Outlandish ‘tipping point’ rhetoric is about to be regurgitated once again during the promotion of the latest IPCC report, due today.
Tipping points are those theoretical climate thresholds that, when breached, cause widespread catastrophe; they are mathematical model outputs that depend on many assumptions that may not be plausible or even possible.
Polar bears often get caught up in motivational tales of sea ice tipping points.
Tipping points are not facts: they are scary stories made to sound like science.
This is why Sir David Attenborough has totally embraced the tipping points narrative. He even made a movie fully devoted to them, called, Breaking Boundaries – The Science of Our Planet.
Tipping points are the animal tragedy porn of mathematical models and Attenborough has adopted them both.
Attenborough and his cronies want you to be afraid of climate change instead of thinking about what they actually mean by ‘action’, ‘climate-neutral’, and ‘net zero’.
They want free reign to rid the world of fossil fuels and the more frightened you are by their implausible narratives, the more likely they are to succeed.
Remember the original scary polar bear story: the ice is melting faster than we thought and 2/3 of the bears are going to die!
But contrary to those predictions, polar bears have survived a loss of summer sea ice of more than 40% since 1979 without any decline in global population size (Amstrup et al. 2007; Crockford 2017, 2019, 2021).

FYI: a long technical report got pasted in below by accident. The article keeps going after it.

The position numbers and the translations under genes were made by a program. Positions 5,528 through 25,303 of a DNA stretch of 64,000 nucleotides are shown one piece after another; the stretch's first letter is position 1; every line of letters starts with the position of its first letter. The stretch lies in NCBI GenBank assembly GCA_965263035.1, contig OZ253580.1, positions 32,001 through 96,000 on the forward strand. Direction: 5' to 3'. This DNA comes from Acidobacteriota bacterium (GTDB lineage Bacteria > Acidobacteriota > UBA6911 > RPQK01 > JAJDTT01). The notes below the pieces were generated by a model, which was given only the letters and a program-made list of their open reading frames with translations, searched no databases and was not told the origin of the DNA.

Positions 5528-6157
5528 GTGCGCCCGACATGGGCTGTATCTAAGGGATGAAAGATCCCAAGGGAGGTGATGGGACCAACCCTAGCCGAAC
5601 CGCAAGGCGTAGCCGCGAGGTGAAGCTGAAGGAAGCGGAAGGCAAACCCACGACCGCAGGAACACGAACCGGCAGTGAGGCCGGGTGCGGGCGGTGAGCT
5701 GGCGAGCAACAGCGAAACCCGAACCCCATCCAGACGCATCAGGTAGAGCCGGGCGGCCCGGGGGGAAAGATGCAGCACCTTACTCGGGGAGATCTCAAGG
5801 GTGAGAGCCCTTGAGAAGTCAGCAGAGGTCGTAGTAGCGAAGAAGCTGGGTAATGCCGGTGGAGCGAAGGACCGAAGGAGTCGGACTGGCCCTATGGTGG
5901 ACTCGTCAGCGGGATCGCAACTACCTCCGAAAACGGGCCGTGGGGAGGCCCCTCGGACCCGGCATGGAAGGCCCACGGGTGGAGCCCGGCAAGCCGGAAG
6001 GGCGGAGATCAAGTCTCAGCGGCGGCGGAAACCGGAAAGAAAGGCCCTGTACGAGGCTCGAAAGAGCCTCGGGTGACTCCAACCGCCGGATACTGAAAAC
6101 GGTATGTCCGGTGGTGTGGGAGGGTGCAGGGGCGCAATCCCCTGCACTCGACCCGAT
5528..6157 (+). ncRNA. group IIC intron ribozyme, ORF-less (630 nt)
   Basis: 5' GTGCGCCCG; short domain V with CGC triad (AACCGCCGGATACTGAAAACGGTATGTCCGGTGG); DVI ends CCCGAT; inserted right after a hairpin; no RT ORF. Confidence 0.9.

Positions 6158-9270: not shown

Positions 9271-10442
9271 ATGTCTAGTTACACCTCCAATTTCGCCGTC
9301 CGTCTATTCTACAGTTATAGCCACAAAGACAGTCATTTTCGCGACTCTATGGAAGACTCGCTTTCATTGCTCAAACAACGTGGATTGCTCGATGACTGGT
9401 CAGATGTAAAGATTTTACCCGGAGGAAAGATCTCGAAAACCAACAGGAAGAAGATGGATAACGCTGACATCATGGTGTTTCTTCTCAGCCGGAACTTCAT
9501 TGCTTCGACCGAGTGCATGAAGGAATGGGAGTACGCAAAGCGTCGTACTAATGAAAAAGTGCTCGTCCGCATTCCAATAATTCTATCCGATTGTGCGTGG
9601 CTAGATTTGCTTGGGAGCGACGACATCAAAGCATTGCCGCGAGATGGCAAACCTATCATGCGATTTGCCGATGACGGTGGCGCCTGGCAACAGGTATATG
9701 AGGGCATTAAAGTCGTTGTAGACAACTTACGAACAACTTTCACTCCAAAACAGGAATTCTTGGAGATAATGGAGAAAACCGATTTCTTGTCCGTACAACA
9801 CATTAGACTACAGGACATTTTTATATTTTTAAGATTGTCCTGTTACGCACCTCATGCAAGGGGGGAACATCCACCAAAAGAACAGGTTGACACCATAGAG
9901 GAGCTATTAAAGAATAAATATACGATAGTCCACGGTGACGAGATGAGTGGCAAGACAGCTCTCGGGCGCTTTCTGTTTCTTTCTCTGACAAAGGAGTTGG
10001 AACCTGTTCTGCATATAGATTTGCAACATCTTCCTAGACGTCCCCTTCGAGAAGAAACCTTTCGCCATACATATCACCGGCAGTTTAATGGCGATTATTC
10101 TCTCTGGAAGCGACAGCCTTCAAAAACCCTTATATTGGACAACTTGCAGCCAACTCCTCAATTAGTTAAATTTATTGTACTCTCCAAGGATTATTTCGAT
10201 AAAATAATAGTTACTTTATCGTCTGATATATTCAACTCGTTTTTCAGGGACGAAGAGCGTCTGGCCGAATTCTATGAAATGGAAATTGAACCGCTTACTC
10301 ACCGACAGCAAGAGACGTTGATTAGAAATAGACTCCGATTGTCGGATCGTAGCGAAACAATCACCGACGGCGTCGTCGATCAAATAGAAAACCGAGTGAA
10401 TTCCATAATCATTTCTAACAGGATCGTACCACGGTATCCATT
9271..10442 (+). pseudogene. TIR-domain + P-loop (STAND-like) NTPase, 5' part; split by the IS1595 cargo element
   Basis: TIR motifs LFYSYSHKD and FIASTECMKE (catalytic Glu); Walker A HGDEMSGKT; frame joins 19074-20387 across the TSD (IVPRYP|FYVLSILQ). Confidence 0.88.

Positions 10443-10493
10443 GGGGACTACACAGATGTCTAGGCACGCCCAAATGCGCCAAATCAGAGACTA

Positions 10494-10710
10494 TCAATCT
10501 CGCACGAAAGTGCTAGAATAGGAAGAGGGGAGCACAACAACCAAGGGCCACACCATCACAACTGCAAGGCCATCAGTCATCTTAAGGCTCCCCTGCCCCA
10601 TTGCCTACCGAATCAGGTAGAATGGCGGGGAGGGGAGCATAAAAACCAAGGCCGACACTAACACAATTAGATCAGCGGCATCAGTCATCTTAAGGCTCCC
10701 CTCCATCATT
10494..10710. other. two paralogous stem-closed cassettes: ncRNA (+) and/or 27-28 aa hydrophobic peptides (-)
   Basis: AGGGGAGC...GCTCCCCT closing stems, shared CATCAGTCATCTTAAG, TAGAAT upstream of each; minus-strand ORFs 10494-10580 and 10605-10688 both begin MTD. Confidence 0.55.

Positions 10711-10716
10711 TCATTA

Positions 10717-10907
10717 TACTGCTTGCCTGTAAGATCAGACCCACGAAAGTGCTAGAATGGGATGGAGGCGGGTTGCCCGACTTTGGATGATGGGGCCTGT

We’ve had 14 years of sea ice coverage in summer that polar bear specialists insisted would devastate the species and yet studies on the bears in Arctic areas most drastically affected by ice loss (the Barents Sea and the Chukchi Sea) show they are thriving, not struggling to survive (Aars 2018; Crockford 2021; Regehr et al. 2016, 2018; Rode et al. 2014, 2018).
The newest polar bear model (Molnár et al. 2020) is no more believable than the first one and is no more likely to present an accurate picture of the future for polar bears.
Mathematical models are not facts (Curry 2017; Hausfather and Peters 2020).
Future climate is not any more likely to be accurately predicted by models than future polar bear survival.
Think, don’t feel. Don’t allow Attenboroughesque narratives of doom prevent you from recognizing the difference between facts and rhetoric when it comes to climate change.
Read rest at Polar Bear Science
Trackback from your site.
Credit: Source link